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BUNDLED EMPLOYEE BENEFITS PRODUCT AIMED AT OWNERS OF SMALL BUSINESSES

Health Care Plan and U.S. Life Insurance Co. want to attract small businesses with a bundled insurance product.

The three-for-one insurance program, called The Total Business Package, combines health insurance, dental insurance and life insurance into one product with one monthly premium.

The new marketing approach attempts to lure local small business owners who may feel too busy to shop for and administer three different employee insurance benefits.

"We thought it would be appealing to the small businessman if we could meet all their insurance needs," said David Chojnacki, associate director of sales for Health Care Plan. "For a small business owner who probably wears 10 or 20 hats, time is a very valuable commodity."

The product launched late last month is being targeted to businesses with three to 50 employees.

This is the first time Health Care Plan, a health maintenance organization, teamed with another insurance company on a package product. Other companies, particularly in other markets, have developed similar strategies.

LaborHealth, a Community Blue product introduced earlier this year, offers the three types of insurance for participating companies.

Health Care Plan and U.S. Life, based in New York City, hired a local third-party administrator to collect monthly premiums and distribute the revenue. The insurance companies are paying the administrative expense and no additional fees are passed along to customers, officials said. They are banking on increased customer volume to make up the administrative expense.

The prices for Health Care Plan's four options are exactly the same within and outside of the bundled product. The company has 163,000 subscribers in the eight counties of Western New York.

U.S. Life has lowered its dental rates for businesses buying the package deal under a group discount. But the biggest savings to a business owner might come in time.

"It was confusing dealing with several different insurance companies. It was hard to keep track of and there was a lot more paperwork," said Jeff Mucciarelli, owner of Gabe's Collision, a 15-employee business on Genesee Street.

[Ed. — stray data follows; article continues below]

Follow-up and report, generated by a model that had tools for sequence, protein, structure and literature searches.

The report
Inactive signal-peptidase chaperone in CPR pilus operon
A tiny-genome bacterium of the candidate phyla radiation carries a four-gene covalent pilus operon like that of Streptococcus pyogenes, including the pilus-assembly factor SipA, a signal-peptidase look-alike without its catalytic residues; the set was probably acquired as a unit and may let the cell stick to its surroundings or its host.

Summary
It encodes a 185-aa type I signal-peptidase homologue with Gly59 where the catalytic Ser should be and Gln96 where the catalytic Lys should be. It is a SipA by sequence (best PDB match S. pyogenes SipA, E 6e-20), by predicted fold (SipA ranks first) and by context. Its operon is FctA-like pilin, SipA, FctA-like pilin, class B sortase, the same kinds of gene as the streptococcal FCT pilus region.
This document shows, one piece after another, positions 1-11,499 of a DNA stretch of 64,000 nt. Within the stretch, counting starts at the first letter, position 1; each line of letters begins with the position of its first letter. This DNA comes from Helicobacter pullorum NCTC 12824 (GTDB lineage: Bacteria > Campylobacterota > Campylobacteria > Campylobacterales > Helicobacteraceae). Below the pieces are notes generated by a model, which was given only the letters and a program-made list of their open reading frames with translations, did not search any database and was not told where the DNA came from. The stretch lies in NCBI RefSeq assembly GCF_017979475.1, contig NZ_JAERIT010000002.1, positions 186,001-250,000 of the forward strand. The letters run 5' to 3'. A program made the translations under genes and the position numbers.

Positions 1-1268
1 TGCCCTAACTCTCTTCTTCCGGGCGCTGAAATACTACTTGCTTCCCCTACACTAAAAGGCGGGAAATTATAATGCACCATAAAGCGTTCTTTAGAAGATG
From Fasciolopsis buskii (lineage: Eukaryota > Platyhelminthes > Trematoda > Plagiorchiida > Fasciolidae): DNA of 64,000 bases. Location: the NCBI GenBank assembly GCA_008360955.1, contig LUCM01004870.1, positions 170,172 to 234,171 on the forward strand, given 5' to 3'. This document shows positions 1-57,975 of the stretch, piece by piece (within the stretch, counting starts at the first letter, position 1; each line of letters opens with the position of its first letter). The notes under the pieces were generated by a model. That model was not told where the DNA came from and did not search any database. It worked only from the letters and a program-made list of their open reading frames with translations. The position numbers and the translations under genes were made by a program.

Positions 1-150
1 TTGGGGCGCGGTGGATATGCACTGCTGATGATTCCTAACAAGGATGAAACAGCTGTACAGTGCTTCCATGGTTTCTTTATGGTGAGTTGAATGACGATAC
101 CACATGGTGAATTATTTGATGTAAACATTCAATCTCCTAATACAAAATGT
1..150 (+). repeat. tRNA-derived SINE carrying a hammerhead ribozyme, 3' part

Unlike large local businesses, Gabe's Collision has no human resources director. Mucciarelli has an administrative assistant to help him with insurance issues, but she does not specialize in benefits, he said.

The package plan costs his business about $3,000 a month, which he estimates as a $500 premium savings a month rather than buying a la carte.

Some small business owners purchase benefits through the Buffalo Niagara Partnership, or other associations. Employee benefits have become an increasingly important small business tool in a tight labor market, according to Stanley Wyner, chair of the Partnership's small business committee.

"Benefits have become a real competitive issue, a way a business person can attract the kind of employees and retain the employees they need," Wyner said.

Health Care Plan appears to be hitting the market with the new product at just the right time. The public disagreements between Independent Health and some local health care providers has increased consumer interest in insurance products, according to Timothy S. Cochrane, vice president of Niagara Benefits Group Inc., an employee benefits brokerage in Williamsville.

Health Care Plan is making a concerted effort to sell the concept of bundling. Most of its advertising for the product has used The Total Business Package name, rather than the Health Care Plan name.

"Instead of marketing the Health Care Plan name, we decided we're going to market the benefits of the package. We want to market the concept, the bundling of benefits," Chojnacki said. "This gives consumers an approach they haven't seen before in this marketplace."

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